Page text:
Do no harm

D

Primum non-nocere is a Latin phrase that means “first, do no harm”. 

On the tube this morning I recognised one of our medical students reading Henry Marsh’ book “Do no harm”.  He is a semi-retired neurosurgeon, turned author, who uses his past patients to discuss ethical dilemmas and to criticise the NHS. His book does showcase the life of a surgeon, warts and all.  It is clear that to be a good neurosurgeon you have to be a team player. In surgery, it is critical to get the clinical decision-making correct, i.e. when and when not to operate. Surgery is also a technical speciality above all else; from the age of about 55 a surgeon’s skills deteriorate so it is best to be operated on by someone who is in their prime. In short, if you make the wrong clinical decision and you get things wrong technically then you will get a suboptimal outcome; i.e. you will do harm. 

I remember from very early on in my medical school career being told to do no harm. It is important to understand that this phrase dates back from a bygone era; an era when we hardly had any treatments that worked. 

Wikipedia: It is often said that the exact phrase “First do no harm” is a part of the original Hippocratic oath. Although the phrase does not appear in the AD 245 version of the oath, similar intentions are vowed by, “I will abstain from all intentional wrong-doing and harm”. The phrase “primum non nocere” is believed to date from the 17th century. Another equivalent phrase is found in Epidemics, Book I, of the Hippocratic school: “Practice two things in your dealings with disease: either help or do not harm the patient”. The exact phrase is believed to have originated with the 19th-century English surgeon Thomas Inman. 

In the modern era, we have to walk a tightrope of treating people to prevent future harm from a specific disease, knowing well that a small number of patients will be harmed from the side effects of the treatment. In other words, modern medicine has become a balancing act between the outcome of a population of patients at the expense of a small number of patients with adverse events. 

In the MS space, natalizumab epitomises this dilemma. Natalizumab is one of our most effective DMTs; it is very effective, easy to use and has few adverse events, which are uncommon. Unfortunately, however, in JC virus-positive individuals it may result in PML  a life-threatening infection of the brain. A lot has been done to derisk this complication, but unfortunately, there are still pwMS developing PML as a complication of natalizumab.

One industry analyst said to me that he had no idea why natalizumab was still on the market. He felt it should have been withdrawn after the PML crisis emerged. I said to this individual that he clearly hasn’t seen the impact that natalizumab has on people with MS’ lives. Natalizumab is a truly a transformative drug, which is why I refer to the treatment of MS as being represented by two eras; pre- and post-natalizumab. 

It is clear that pwMS understand that to maximise outcomes for pwMS some individuals have to pay the price of suffering adverse events. This is why it is not surprising that pwMS are prepared to take greater risks than their risk-averse neurologists (see below). I recall working with a rheumatologist who made the point that if he didn’t have a few of his patients dying each year from the complications of his treatment decisions then he was not treating his patients actively enough. The corollary is that a rheumatologist without a body count is being too conservative.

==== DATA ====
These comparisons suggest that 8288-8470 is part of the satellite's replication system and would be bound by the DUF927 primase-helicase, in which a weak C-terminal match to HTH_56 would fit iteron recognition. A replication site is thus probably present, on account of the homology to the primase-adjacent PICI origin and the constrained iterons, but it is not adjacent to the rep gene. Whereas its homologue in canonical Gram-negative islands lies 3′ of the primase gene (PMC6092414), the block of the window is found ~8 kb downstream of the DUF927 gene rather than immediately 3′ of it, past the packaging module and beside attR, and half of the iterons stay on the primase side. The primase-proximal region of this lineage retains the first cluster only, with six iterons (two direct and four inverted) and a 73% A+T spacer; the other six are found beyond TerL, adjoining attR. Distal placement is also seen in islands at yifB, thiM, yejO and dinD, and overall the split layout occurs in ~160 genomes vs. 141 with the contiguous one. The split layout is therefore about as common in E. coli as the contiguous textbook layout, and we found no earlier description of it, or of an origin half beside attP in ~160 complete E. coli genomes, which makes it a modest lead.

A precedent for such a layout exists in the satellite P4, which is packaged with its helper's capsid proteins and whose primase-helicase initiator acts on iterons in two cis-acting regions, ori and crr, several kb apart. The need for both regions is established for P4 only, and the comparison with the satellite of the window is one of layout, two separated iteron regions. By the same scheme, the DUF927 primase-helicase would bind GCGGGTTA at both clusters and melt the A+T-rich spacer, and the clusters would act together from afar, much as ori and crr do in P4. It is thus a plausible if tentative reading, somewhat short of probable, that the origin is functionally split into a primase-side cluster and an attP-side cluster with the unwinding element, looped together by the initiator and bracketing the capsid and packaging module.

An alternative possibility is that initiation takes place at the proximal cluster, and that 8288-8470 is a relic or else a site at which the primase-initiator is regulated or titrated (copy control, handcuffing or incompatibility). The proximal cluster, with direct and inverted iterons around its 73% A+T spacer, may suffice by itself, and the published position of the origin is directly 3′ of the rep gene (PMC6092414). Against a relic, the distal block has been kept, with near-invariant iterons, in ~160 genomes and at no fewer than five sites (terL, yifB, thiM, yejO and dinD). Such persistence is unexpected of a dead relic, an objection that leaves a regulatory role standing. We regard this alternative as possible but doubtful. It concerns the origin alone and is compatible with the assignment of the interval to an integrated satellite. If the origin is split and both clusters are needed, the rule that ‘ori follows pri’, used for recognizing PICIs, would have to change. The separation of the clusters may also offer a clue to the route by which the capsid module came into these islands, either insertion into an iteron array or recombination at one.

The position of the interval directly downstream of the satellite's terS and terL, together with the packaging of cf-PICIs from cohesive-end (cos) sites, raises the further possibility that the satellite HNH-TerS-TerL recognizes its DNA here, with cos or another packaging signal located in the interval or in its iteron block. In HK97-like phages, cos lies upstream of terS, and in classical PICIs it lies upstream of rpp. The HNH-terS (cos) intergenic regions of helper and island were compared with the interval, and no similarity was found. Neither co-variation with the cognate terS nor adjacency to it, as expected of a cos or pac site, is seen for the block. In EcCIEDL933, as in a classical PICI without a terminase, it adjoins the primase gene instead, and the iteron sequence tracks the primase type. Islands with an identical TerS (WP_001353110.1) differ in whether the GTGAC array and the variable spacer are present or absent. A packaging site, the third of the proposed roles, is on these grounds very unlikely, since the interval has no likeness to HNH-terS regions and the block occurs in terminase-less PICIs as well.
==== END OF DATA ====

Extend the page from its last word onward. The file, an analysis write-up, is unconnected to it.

Could the same analogy be levelled at neurologists? I think yes. I am still seeing far too many pwMS for second or third opinions who are very disabled from watchful waiting, slow escalation or sideways switching when they should have been treated with high efficacy treatments years ago. We really need to change the behaviour of MSologists from being risk-averse to becoming risk-takers. This also means pulling no punches and telling pwMS how bad MS really is and that to maximise your outcome you need to treat the disease effectively early on. 

At Barts-MS we are taking this principle to the extreme with our #AttackMS trial. As always the ideas underpinning this trial are already being adopted by our team so that by the time we get the trial funded and up and running we may not be able to do the study because we would have lost equipoise. 

Wikipedia: Clinical equipoise, also known as the principle of equipoise, provides an ethical basis for medical research that involves assigning patients to different treatment arms of a clinical trial. In short, clinical equipoise means that there is genuine uncertainty in the expert medical community over whether a treatment will be beneficial. 

I would be interested to know the MS Community’s opinions on the #AttackMS trial

Heesen et al. Risk perception in natalizumab-treated multiple sclerosis patients and their neurologists. Mult Scler. 2010 Dec;16(12):1507-12. 

BACKGROUND: Natalizumab is associated with the potentially life-threatening side-effect progressive multifocal leukoencephalopathy (PML). Little is known about patients’ and physicians’ risk estimates and attitudes towards natalizumab treatment.

METHODS: Consecutive natalizumab-treated patients (n = 69) and neurologists (n = 66) in two centres and cooperating private practices received an evidence-based three-page information leaflet about natalizumab-associated PML and an evaluation sheet.

RESULTS: After reading the information, patients were significantly more likely than physicians to intend continuation of natalizumab treatment and willing to accept higher risks of PML: 49% of physicians would stop treatment at a PML risk of 2:10,000 or lower, while only 17% of patients would do so (p < 0.001). This difference could not be explained by risk calculation abilities or lack of understanding. Both groups overestimated natalizumab treatment effects.